Due to genetics, Asian men have a hard time growing facial hair and for those who can, it’s always weak and patchy.
There are however methods that can stimulate beard growth despite your genetic makeup as listed below.
However, it’s not just about growing a beard for the sake of it, there are steps you can follow to get a good looking full beard as an Asian man.
Step 1 – Use a moisturizer regularly
There are so many face moisturizers on the market that you can use and knowing your skin type is the first step to getting a moisturizer that fits you. Due to sun exposure and pollution during the day, your skin can become dry and flaky causing itching and irritation.
This becomes a problem if you are looking to grow a beard and even if you are on one of the methods meant to stimulate growth. A moisturizer works by hydrating the skin enough to stimulate hair growth and provide a good environment where the beard can grow.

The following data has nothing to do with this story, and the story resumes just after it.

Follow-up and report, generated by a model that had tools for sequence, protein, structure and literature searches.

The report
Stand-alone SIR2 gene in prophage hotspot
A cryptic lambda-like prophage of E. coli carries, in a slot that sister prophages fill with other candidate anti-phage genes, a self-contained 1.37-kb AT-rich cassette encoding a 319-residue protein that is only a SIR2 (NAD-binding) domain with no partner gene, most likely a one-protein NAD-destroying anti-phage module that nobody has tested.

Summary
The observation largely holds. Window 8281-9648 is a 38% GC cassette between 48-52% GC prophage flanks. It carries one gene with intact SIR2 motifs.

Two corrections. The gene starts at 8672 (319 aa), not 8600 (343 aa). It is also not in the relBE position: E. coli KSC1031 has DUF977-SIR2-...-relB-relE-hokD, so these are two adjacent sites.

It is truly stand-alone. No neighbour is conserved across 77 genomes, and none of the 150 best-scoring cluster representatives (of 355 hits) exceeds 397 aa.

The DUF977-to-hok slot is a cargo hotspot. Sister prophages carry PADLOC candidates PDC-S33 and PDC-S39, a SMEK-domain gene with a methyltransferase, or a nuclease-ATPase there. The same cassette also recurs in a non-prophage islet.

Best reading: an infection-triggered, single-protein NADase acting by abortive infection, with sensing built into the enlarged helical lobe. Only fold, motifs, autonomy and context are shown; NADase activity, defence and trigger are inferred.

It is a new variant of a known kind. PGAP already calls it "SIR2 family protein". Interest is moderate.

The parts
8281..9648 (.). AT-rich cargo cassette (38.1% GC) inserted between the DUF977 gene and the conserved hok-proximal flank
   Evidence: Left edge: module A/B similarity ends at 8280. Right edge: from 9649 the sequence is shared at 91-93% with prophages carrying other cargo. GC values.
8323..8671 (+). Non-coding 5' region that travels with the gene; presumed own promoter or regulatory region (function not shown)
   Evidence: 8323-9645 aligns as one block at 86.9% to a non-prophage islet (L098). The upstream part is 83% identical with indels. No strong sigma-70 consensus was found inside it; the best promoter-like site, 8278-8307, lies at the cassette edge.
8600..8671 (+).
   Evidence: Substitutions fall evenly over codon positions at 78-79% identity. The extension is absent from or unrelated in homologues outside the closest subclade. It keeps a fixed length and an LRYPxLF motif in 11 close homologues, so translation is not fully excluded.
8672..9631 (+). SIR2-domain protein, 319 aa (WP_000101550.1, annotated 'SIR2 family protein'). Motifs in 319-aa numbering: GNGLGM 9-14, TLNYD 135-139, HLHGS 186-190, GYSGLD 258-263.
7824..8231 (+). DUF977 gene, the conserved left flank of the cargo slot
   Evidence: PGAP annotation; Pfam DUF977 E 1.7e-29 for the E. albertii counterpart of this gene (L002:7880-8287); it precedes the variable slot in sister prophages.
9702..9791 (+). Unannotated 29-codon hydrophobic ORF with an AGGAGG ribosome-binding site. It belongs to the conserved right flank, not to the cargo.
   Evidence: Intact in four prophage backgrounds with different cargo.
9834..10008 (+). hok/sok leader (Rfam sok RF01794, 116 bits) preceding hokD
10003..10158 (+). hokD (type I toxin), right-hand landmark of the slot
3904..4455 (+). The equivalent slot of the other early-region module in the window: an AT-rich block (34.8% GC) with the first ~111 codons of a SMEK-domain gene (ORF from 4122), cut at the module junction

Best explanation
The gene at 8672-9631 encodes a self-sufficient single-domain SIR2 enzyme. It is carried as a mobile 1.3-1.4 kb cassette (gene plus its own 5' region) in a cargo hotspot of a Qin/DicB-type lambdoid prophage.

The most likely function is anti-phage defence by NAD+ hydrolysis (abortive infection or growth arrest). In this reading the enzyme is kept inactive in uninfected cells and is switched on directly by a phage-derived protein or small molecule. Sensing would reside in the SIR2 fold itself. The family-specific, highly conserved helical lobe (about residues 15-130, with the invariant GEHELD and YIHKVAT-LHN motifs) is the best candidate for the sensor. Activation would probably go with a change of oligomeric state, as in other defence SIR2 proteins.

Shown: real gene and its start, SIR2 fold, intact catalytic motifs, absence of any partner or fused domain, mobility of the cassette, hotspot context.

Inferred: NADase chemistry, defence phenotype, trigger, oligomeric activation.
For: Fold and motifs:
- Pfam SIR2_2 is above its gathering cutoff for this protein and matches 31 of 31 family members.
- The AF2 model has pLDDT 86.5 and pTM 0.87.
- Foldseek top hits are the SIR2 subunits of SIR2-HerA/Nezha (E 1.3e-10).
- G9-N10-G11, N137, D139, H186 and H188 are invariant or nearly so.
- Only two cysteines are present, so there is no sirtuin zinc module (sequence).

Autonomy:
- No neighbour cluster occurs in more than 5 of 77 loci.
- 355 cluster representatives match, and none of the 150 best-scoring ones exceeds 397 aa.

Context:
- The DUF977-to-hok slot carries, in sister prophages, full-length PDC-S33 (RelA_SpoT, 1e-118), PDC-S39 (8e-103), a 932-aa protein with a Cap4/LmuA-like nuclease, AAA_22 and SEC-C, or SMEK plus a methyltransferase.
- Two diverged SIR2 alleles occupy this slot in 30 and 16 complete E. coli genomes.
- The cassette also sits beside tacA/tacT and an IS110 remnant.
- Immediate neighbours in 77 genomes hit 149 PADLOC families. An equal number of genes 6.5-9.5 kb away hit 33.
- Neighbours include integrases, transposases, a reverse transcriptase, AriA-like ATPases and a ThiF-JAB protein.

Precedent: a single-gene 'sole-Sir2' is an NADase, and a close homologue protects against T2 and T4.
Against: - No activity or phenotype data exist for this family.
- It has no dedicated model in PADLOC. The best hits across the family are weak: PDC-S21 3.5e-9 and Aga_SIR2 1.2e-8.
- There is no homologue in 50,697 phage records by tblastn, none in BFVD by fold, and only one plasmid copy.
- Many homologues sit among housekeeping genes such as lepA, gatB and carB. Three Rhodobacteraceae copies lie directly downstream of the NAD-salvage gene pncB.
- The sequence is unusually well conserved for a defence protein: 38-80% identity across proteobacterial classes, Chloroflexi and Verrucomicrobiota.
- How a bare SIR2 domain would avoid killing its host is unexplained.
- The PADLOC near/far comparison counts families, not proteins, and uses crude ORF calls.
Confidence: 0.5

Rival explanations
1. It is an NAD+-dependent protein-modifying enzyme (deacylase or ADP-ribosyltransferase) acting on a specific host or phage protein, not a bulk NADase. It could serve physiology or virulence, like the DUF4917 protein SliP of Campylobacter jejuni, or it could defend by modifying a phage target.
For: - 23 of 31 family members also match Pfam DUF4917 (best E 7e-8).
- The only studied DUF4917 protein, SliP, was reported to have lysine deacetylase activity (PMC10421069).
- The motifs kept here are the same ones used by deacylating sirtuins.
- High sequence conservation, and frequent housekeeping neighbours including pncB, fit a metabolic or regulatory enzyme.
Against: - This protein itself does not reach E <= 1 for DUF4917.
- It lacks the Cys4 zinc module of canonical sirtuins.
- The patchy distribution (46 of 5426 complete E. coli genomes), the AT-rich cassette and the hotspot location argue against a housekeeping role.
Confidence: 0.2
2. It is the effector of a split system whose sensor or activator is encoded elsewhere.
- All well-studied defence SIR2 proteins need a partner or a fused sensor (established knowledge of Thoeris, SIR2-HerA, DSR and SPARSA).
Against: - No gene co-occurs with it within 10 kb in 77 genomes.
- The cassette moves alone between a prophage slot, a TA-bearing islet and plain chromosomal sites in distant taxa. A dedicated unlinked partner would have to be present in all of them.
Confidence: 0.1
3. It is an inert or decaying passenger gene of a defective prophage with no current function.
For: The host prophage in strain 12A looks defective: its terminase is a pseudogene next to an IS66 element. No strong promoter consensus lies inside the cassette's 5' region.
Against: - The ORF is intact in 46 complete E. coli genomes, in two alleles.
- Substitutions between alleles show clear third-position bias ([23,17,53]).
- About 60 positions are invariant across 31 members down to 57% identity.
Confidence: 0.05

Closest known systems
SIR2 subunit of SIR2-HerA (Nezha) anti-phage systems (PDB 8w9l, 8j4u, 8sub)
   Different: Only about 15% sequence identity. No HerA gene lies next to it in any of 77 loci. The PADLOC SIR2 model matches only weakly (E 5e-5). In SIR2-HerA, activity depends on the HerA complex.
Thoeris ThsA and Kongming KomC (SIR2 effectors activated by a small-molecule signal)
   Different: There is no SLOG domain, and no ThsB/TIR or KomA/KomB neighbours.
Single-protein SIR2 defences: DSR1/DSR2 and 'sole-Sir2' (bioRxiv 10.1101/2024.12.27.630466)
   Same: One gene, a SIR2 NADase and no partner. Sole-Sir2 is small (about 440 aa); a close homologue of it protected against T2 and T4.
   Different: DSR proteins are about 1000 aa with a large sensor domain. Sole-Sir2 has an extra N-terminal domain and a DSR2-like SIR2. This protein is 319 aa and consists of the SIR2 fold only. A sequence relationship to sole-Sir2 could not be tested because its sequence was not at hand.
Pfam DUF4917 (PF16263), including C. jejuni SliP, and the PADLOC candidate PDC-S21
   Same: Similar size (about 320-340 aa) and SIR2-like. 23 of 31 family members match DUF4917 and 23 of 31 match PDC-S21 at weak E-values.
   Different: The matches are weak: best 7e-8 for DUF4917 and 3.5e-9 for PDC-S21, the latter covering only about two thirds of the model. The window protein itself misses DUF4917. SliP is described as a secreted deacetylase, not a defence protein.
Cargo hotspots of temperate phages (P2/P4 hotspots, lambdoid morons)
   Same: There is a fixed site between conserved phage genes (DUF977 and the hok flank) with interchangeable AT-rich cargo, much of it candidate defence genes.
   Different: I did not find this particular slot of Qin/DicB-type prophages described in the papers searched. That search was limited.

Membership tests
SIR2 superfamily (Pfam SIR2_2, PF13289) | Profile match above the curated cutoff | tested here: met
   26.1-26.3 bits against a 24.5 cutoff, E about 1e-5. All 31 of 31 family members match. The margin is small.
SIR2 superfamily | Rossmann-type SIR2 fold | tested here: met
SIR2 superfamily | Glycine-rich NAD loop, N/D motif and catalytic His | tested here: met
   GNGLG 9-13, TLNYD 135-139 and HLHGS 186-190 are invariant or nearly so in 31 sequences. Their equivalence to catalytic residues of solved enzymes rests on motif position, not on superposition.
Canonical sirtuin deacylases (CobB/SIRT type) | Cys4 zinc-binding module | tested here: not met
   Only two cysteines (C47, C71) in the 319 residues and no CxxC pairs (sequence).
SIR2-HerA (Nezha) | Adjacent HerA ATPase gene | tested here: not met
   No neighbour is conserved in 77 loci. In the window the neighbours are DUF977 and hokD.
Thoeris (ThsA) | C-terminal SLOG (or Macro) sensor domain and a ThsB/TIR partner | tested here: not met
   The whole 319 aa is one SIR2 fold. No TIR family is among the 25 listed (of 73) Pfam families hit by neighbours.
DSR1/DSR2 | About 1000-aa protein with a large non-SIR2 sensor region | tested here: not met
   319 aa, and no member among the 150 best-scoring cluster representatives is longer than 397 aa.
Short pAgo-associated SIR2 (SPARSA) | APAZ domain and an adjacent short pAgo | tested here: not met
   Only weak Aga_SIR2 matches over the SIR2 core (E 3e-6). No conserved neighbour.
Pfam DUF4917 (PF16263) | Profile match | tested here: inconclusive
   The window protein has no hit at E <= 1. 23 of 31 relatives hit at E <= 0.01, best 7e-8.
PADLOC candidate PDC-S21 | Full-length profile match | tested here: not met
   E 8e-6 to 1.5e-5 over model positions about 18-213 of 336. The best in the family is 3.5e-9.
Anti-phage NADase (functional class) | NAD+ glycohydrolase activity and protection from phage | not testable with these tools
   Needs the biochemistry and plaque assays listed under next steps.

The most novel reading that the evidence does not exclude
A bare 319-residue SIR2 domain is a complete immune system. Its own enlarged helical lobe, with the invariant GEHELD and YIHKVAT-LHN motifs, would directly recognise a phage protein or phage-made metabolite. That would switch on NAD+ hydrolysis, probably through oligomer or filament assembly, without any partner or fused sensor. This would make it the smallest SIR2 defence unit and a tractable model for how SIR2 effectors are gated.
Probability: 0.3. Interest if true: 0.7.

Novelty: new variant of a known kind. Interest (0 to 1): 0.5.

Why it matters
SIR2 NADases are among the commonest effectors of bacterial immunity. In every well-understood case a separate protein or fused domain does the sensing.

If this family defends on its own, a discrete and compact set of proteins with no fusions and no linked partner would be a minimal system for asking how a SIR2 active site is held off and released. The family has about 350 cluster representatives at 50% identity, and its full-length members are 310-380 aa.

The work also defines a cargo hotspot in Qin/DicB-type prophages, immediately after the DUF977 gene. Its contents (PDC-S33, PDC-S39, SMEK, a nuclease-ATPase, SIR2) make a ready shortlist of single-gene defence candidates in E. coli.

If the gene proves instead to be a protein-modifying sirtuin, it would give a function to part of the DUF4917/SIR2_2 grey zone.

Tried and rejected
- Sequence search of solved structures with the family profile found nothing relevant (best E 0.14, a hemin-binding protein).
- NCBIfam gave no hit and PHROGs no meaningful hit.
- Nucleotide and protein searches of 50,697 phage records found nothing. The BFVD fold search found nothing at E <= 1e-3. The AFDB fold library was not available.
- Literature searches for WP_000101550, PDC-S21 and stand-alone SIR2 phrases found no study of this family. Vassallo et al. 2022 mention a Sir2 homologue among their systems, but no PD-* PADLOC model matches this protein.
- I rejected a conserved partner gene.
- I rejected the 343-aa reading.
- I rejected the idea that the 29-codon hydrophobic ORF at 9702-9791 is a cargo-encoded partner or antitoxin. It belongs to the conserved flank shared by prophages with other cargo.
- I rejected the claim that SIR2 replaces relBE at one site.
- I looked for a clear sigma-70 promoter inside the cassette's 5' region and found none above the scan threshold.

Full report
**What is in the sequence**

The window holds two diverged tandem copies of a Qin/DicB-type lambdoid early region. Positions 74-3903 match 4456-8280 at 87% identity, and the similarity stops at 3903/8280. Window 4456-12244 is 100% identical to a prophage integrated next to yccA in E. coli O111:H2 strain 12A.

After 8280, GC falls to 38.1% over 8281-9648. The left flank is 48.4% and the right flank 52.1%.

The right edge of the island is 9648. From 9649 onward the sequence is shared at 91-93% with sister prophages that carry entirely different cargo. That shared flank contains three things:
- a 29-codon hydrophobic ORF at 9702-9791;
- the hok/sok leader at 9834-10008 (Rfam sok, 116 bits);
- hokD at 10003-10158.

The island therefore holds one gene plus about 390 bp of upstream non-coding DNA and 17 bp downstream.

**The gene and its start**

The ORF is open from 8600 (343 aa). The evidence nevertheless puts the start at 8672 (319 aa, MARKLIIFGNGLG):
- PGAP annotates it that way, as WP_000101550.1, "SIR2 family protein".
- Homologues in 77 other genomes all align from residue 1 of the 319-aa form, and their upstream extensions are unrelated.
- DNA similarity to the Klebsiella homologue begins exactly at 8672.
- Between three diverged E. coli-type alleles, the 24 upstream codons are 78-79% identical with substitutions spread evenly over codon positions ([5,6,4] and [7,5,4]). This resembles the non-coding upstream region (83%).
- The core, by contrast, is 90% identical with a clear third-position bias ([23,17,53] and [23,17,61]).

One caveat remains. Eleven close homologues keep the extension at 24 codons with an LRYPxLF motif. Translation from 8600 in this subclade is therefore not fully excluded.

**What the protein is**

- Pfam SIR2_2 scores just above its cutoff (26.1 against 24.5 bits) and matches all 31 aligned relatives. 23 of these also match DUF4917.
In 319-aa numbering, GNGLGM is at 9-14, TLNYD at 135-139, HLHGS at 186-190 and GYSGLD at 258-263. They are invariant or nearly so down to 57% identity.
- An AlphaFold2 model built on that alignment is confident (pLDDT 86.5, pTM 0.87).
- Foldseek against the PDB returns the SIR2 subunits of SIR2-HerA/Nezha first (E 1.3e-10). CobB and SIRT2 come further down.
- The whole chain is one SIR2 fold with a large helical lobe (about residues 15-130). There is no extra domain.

Step 2 – Use a cleanser to clean your face
When cleaning the face, it matters what you use. It is recommended that you use cleaning products that are specific for the face.
While water does a good job of removing any dust you may have collected during the day, your pores are usually clogged with dirt which obstructs any kind of hair growth. A cleaner cleans the face and unclogs the pores to stimulate the growth of new hair.
Step 3 – Massage the face
Facial massage has many benefits when done right. For one it brightens the skin, reduces stress line, and improves complexion.
When it comes to facial hair growth, proper blood circulation is important which is what face massage does. A facial massage ensures that there is an increased supply of oxygen and blood to the area which is enough to stimulate hair growth in the long run.